Your dog is probably going to beg for scraps on Thanksgiving. But indulging him can be bad for his well-being — and potentially your wallet.
That’s according to longtime Lawrence veterinarian Herschel Lewis, who expects he’ll see an uptick in holiday-related pet emergencies this Thanksgiving. And Lewis isn’t alone; the stretch between Thanksgiving and early January is typically when vets see a lot of food-based episodes.
“Usually two days after the holiday, we’ll get dogs with constipation and vomiting,” says Lewis, who practices out of Lewis Veterinary Clinic, 3101 W. Sixth St. “In one end or the other, they get sick.”
Turkey is a huge “no-no,” Lewis said. Eating turkey meat or skin can result in a potentially fatal case of pancreatitis in dogs and cats. He also advises against turkey bones, which can easily splinter and puncture your dog’s digestive tract.
Pet owners should also be watchful around desserts, always plentiful this time of year.
“Another thing is, there’s always chocolate around. Chocolate is not the bugaboo that people think it is, except for baker's chocolate,” Lewis said. Out of all chocolate, this kind contains the highest concentration of caffeine and theobromine, a bitter alkaloid that is poisonous to dogs. Even a relatively small amount of baker's chocolate could prove toxic for little dogs.
Diabetic candies, with their high levels of the artificial sweetener Xylitol, can also lead to low blood sugar in dogs and cats, posing an “even more serious” health risk, Lewis said.
In short, “Don’t feed them anything except their regular food,” Lewis said. “I’ll just put it very bluntly.”
“It’s extremely important after you’ve cleaned up the dishes and everything that you take the garbage bag out where the pet cannot possibly get into it,” he said.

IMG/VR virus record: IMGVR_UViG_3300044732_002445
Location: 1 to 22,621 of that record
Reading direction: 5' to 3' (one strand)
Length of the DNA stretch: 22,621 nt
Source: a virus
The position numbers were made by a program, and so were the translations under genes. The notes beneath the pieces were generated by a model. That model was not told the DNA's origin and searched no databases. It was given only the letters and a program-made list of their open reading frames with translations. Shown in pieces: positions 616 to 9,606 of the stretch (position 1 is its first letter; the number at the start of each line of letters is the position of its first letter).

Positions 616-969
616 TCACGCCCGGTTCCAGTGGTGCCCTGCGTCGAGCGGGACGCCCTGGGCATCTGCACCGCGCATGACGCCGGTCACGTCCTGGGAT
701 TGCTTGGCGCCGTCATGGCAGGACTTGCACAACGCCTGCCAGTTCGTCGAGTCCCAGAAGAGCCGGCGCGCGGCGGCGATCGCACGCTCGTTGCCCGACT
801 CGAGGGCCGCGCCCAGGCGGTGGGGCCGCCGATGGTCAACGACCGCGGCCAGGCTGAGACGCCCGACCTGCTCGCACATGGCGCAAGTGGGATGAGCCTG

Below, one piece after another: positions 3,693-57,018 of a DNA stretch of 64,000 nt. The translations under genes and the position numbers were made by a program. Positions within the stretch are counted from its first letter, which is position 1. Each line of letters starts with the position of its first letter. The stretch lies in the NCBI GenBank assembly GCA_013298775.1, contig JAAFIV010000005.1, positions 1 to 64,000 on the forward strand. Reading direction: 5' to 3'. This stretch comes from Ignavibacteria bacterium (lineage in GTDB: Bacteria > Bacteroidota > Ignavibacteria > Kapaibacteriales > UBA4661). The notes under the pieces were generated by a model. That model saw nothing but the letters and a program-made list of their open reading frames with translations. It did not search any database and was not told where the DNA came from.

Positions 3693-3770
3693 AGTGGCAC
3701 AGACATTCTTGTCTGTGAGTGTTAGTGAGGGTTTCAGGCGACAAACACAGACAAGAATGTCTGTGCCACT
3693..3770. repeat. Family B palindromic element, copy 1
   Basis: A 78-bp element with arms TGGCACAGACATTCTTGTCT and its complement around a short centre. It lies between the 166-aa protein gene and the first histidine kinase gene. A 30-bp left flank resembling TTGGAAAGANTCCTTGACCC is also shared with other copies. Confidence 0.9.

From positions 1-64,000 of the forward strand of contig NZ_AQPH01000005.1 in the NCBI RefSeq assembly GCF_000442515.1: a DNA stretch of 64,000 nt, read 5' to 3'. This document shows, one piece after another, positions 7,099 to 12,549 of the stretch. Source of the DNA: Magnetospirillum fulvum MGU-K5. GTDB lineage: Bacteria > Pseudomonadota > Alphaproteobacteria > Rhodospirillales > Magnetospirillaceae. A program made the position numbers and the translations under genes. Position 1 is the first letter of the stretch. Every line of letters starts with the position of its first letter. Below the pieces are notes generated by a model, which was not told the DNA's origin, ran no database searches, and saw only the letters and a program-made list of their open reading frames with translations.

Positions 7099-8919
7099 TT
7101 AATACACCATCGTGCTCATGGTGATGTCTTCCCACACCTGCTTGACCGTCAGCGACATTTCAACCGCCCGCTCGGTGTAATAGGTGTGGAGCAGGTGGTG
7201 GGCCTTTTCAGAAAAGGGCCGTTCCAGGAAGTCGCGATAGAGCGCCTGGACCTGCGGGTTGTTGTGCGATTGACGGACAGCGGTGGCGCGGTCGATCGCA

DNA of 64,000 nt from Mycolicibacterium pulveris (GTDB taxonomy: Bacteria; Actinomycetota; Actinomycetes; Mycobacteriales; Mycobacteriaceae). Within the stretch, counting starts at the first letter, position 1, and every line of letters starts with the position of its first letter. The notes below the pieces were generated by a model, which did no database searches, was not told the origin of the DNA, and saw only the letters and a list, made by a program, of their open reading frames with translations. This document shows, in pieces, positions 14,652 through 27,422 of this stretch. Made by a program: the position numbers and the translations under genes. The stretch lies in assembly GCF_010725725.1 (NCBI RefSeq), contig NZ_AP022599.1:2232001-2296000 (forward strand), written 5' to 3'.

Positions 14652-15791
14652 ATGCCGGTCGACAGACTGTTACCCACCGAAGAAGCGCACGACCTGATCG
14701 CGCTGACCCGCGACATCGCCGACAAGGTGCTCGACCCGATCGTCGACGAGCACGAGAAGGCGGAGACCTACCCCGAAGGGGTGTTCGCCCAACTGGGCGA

Also, don’t let them become dehydrated. Pet owners often forget that animals need extra water during the cold winter months.
“The water actually helps them maintain their body heat, and it flushes the things they don’t need out of their blood,” Lewis said. “Most people don’t think about that.”
Christmas and the other winter holidays pose plenty of decor-related hazards for pets — trees, ornaments and tinsel among them — in addition to the food issues. Your cat’s fondness for yarn, ribbons and bows may land you in some trouble if you’re not careful.
“Cats will swallow the strings off packages for whatever reason — they’re big on strings — and that can be quite serious with a cat,” Lewis said. “Believe it or not, I’ve seen dogs bite through a live electrical wire, and that’s not a good thing. It’s a shocking experience, pun intended.”
Still, accidents happen. Lewis’ clinic maintains a 24/7 answering service, though there’s no guarantee that pet owners will be able to secure a doctor on Thanksgiving or during after-hours. (Usually, though, the answering service is able to answer most medical questions before paging Lewis and his staff, he said.)
If it’s truly an emergency, Lewis said, contact a full-service emergency veterinary clinic. While Lawrence lacks its own facility, Lewis recommends nearby Emergency Animal Clinic of Topeka (5501 Southwest 29th St.) and Overland Park’s Blue Pearl Specialty and Emergency Pet Hospital, 11950 W. 110th St.
“It’s like dealing with a 5-year-old or even a teenage boy,” Lewis said of holiday pet dangers. “There’s no accounting for what’s going to happen.”